We’re getting ready for a wedding this afternoon here at Stevenson Ridge. Teal, peach, and off-white pom-poms festoon the fireplace in the chapel, and spider-thin curly-que candelabras, also teal, sit at the center of each table. A sign in the lobby says, “Happiness is not a destination. It is a way of life.”
Outside, it’s the kind of day our handyman, Frank, would call a “Chamber of Commerce” day—sunny and pleasant and enticing.
As I look out the front doors across the great lawn, I see the needle-thin radio tower that rises above nearby Myer’s Hill. Of course, I’m drawn back to events 152 years ago.
If I stood on this spot on May 13, 1864, I’d have watched Federal forces storm the hill only to be driven off a short while later by Confederates. In the back and forth, Federal commander George Gordon Meade was nearly captured when the Rebel counterattack—so fierce and effective—nearly overran his staff. “Gen. Meade had to gallop for it,” said one of his aides, “and not being familiar with the paths came quite near enough being cut off!” Meade finally made good his escape by jumping his horse across the Ni River.
Infuriated by his near miss, Meade ordered half of his army to counter-counterattack. The V and VI Corps swept forward—just under 40,000 men. “The rebs were lying on the other side to avoid our shells which were hissing and exploding around the crest,” said one Federal soldier, “and when they heard our cheers supposed a mighty force was coming and so they ran like the devil.”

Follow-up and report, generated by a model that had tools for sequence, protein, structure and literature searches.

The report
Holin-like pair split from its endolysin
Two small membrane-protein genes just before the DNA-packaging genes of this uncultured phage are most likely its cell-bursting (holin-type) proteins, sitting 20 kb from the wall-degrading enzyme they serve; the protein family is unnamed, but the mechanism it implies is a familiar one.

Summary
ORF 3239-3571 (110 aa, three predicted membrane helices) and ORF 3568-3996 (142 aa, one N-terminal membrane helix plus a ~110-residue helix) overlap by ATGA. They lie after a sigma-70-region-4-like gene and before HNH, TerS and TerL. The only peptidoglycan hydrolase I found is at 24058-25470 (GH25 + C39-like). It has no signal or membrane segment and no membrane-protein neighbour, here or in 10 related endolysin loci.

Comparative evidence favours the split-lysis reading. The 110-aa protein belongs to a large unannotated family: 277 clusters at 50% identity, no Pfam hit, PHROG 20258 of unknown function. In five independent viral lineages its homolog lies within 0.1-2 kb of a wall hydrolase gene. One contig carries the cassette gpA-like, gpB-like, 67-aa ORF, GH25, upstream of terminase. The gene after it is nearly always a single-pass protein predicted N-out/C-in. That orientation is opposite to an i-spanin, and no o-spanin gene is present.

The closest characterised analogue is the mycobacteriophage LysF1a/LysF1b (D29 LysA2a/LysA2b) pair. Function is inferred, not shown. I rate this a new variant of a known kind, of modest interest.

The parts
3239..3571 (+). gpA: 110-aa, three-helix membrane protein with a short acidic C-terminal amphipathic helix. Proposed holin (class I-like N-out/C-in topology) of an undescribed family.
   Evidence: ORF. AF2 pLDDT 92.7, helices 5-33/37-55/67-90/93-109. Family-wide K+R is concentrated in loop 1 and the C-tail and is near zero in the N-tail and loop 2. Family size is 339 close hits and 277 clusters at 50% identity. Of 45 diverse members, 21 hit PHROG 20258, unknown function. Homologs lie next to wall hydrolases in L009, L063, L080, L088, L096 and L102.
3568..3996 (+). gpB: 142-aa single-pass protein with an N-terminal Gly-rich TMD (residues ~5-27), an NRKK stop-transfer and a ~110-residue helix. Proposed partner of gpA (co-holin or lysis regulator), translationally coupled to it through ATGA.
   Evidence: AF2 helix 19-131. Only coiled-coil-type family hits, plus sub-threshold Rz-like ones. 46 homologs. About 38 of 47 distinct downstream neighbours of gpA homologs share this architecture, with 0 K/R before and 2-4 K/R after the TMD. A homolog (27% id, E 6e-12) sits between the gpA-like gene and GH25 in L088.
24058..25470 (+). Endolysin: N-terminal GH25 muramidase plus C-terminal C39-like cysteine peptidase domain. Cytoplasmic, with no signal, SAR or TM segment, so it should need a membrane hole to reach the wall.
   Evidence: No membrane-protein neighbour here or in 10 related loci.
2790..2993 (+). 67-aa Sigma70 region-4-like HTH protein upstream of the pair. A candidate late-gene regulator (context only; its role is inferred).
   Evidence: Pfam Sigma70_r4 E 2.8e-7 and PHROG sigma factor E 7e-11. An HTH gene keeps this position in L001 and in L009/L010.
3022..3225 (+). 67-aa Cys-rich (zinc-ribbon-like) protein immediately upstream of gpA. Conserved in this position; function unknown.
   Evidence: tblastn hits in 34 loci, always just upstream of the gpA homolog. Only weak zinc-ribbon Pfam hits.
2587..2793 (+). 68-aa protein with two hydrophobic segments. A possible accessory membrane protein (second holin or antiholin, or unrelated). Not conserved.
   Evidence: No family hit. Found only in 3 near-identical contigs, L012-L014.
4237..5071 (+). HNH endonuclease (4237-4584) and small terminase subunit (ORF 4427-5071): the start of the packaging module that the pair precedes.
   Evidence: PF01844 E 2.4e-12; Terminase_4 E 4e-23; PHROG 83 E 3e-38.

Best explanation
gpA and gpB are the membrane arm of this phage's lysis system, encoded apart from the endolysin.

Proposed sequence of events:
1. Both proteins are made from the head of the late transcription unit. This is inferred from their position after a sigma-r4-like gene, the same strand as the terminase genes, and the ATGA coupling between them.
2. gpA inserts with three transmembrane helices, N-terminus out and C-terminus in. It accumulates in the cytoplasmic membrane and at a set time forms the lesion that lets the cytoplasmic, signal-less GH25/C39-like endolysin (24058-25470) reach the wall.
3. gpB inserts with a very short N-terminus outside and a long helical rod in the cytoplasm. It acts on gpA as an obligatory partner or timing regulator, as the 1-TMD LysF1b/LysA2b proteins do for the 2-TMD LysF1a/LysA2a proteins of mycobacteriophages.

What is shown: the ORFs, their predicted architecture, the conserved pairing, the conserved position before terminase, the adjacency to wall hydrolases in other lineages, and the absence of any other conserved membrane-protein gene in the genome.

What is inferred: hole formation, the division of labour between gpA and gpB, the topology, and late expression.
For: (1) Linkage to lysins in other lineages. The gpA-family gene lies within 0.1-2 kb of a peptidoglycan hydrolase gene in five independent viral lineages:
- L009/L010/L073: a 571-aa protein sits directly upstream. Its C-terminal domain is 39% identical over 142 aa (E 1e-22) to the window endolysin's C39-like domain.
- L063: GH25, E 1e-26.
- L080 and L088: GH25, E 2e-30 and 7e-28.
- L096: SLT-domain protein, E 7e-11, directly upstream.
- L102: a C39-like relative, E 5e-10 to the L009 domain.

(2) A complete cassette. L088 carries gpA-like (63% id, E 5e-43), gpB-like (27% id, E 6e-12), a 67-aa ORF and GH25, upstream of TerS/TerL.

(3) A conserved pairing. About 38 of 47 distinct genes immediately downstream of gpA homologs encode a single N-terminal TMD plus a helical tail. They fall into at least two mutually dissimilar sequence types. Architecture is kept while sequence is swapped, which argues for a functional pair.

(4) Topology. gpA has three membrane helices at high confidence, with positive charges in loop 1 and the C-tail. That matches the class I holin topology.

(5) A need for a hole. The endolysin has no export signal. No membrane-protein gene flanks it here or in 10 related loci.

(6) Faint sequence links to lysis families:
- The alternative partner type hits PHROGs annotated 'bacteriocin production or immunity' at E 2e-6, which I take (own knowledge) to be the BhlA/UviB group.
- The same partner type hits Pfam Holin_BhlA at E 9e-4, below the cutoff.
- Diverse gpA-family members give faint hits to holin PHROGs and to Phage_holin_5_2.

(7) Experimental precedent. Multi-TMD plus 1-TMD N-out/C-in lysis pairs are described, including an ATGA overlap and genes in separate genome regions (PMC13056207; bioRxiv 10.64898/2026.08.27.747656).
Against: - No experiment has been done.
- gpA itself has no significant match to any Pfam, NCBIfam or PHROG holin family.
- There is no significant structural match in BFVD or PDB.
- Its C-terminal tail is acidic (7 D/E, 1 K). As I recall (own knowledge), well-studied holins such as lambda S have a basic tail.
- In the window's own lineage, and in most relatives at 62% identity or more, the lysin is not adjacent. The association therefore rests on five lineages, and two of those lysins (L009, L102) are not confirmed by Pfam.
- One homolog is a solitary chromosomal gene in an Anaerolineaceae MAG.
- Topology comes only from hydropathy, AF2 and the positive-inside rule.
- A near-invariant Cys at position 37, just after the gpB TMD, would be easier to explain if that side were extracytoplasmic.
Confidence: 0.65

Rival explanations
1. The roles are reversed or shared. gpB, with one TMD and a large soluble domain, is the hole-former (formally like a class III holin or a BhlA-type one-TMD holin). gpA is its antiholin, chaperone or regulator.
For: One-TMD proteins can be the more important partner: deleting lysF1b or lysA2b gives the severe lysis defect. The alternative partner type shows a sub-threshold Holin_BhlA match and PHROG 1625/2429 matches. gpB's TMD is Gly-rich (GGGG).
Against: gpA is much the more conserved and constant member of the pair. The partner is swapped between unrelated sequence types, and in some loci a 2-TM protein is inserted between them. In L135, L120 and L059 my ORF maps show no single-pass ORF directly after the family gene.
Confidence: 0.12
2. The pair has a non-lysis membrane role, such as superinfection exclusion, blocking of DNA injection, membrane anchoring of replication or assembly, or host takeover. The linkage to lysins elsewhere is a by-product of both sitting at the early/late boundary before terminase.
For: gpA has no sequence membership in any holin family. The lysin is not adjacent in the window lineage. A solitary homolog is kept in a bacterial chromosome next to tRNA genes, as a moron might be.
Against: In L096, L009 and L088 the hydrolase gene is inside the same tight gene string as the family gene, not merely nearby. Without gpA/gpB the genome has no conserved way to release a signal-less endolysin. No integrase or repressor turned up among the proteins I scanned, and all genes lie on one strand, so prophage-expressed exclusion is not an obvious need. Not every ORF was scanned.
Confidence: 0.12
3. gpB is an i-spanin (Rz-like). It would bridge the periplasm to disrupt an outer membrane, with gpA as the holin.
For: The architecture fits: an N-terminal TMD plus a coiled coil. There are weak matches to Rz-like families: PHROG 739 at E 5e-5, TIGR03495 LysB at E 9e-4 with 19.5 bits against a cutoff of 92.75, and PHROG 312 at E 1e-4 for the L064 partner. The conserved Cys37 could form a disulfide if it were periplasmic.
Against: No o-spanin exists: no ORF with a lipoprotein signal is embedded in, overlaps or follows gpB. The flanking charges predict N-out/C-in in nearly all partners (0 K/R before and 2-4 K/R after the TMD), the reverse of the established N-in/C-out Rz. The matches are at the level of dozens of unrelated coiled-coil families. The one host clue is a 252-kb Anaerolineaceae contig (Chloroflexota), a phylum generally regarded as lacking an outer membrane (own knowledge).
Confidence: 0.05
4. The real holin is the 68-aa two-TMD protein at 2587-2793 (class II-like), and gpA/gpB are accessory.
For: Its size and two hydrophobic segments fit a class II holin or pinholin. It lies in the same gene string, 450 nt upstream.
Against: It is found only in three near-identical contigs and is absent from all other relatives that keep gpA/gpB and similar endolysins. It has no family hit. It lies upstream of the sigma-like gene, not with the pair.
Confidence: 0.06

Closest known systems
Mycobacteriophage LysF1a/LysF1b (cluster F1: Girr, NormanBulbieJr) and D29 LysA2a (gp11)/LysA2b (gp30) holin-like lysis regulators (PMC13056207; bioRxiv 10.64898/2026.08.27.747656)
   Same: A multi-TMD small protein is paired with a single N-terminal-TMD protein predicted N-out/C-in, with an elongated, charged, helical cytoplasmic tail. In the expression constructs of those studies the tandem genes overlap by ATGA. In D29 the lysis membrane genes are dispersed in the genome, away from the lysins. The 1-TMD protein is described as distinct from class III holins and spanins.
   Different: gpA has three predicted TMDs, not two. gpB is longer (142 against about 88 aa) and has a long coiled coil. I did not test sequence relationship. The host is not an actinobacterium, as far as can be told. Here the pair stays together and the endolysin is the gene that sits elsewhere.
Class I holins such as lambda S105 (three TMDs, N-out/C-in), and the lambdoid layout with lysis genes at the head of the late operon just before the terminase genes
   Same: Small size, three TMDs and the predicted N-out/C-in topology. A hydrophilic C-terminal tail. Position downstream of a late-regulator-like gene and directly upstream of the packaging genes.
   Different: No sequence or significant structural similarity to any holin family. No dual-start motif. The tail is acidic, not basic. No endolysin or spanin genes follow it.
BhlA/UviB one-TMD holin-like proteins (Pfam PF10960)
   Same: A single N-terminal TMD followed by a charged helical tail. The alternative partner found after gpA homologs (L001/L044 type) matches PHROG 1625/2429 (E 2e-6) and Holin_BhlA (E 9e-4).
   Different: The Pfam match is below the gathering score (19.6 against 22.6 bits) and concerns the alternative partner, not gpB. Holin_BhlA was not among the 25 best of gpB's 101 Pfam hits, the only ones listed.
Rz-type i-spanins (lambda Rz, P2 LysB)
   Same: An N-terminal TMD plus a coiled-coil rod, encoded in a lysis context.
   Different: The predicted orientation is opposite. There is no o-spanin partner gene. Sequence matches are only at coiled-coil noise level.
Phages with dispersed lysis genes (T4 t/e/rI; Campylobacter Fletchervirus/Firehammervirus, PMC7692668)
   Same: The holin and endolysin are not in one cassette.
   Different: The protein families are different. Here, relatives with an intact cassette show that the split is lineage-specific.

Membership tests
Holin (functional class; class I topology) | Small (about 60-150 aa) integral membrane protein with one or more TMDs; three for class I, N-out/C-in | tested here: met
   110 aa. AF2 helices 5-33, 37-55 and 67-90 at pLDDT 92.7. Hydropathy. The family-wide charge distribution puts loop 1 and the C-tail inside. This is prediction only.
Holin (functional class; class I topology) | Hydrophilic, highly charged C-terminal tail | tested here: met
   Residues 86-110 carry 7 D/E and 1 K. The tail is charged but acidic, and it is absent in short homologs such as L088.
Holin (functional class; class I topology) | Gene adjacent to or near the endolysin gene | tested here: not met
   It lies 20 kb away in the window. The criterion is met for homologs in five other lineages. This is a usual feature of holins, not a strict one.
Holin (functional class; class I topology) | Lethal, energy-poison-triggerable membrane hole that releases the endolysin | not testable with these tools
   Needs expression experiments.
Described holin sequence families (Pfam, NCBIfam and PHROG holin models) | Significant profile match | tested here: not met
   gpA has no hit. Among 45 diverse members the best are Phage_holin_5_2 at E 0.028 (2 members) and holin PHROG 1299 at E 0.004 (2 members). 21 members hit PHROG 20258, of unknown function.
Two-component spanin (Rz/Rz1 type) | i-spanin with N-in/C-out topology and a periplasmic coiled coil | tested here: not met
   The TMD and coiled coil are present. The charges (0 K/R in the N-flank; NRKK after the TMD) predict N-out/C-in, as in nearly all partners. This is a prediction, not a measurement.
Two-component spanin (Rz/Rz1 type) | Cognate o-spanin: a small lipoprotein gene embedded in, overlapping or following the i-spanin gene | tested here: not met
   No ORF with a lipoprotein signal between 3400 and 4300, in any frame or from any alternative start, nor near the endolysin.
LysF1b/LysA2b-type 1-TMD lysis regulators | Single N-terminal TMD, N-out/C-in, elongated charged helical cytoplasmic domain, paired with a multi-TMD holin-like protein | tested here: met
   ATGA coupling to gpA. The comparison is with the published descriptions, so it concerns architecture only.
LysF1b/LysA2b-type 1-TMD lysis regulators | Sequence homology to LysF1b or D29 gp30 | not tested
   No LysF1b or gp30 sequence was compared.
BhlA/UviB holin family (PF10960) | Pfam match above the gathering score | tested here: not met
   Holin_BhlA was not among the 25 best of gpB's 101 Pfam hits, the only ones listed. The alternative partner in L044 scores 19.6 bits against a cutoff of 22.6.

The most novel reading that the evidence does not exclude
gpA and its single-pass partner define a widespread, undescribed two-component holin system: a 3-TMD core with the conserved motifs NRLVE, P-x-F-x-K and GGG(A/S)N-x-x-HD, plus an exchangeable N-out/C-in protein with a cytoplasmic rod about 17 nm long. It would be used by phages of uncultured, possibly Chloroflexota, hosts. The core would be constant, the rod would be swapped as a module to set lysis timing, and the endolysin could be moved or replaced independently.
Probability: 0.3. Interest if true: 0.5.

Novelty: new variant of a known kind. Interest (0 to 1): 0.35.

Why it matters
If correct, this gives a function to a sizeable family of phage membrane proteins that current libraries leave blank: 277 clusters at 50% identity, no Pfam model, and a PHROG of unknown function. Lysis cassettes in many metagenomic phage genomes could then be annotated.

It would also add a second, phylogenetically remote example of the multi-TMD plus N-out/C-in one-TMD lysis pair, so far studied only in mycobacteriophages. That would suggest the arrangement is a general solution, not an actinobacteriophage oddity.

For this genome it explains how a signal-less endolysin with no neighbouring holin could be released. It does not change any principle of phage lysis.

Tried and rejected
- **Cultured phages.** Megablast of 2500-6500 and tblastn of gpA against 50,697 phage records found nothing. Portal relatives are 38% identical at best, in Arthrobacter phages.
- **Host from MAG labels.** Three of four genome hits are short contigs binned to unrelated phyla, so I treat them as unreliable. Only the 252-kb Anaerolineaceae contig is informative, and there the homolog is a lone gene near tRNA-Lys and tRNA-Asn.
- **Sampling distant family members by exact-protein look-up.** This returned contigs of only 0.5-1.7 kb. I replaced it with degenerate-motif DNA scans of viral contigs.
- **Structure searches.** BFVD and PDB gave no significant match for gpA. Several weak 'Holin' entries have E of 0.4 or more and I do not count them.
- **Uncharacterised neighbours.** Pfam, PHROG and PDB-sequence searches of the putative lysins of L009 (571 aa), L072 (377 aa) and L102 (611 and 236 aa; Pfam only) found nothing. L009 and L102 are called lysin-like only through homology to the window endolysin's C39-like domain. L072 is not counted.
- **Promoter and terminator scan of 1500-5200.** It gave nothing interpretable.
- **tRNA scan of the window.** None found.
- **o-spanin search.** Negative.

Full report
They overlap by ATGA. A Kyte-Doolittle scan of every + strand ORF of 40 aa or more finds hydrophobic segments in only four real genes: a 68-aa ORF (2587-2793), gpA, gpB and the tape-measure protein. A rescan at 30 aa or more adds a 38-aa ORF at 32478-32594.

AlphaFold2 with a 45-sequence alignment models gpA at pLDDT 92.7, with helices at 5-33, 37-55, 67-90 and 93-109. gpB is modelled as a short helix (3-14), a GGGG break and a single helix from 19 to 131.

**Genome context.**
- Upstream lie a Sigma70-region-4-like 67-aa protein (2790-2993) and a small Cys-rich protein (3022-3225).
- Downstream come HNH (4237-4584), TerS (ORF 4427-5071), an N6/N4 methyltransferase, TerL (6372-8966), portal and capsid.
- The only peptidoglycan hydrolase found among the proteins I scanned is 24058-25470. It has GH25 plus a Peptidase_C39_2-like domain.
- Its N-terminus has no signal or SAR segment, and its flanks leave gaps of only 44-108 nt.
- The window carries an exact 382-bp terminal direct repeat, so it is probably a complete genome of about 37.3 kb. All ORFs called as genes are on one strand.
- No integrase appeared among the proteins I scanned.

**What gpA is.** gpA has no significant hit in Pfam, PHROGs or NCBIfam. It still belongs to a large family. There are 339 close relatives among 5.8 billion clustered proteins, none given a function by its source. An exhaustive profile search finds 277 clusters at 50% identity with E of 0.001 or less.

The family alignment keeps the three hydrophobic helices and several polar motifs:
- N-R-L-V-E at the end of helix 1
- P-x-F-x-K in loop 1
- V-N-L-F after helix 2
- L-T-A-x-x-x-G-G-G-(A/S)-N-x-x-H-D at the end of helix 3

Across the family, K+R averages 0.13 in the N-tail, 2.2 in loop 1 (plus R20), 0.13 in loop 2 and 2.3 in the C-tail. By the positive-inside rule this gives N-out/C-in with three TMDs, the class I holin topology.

At the end of the day, the hill belonged to the Federals.
Standing in front of the Lodge, I would have had a front-row seat to the action.
Trees obscure the view today, and only the radio tower lets me know the exact location of the hillcrest from here. At the time, a soldier described it as “a bold, round hill on the south bank of the [Ni], upon which was a well-appointed farmer’s dwelling.”
The Ni River flows off to my left; the topography of Stevenson Ridge slops gently off perhaps half a mile to the river’s edge. The river itself is only about ten feet wide or so, but the banks are steep. In the rain of May 1864, they would have been treacherously slippery.
I think about those Federal soldiers marching through that rain. The first wave—men under the command of newly minted Brig. Gen. Emory Upton—had fought on May 8; engaged in a bold, desperate attack on May 10; and had been embroiled in the brutal slugfest at the Bloody Angle on May 12. How exhausted and spent they must have felt.
I think about those Confederate defenders—among them, men of the 9th Virginia cavalry, who all came from the surrounding countryside. How they must have felt defending, quite literally, their home field.
I think even of Meade. The area where he rode his horse to safety is now a horse farm.
What a juxtaposition of scenes for me today: “happily ever after” happening in the here and now; gunpowder, rain, and blood 152 years ago.
Couples who get married here at Stevenson Ridge get to celebrate one of the best days of their lives. Knowing what turmoil this property has seen in the past, I am glad that it now gets to see such happiness.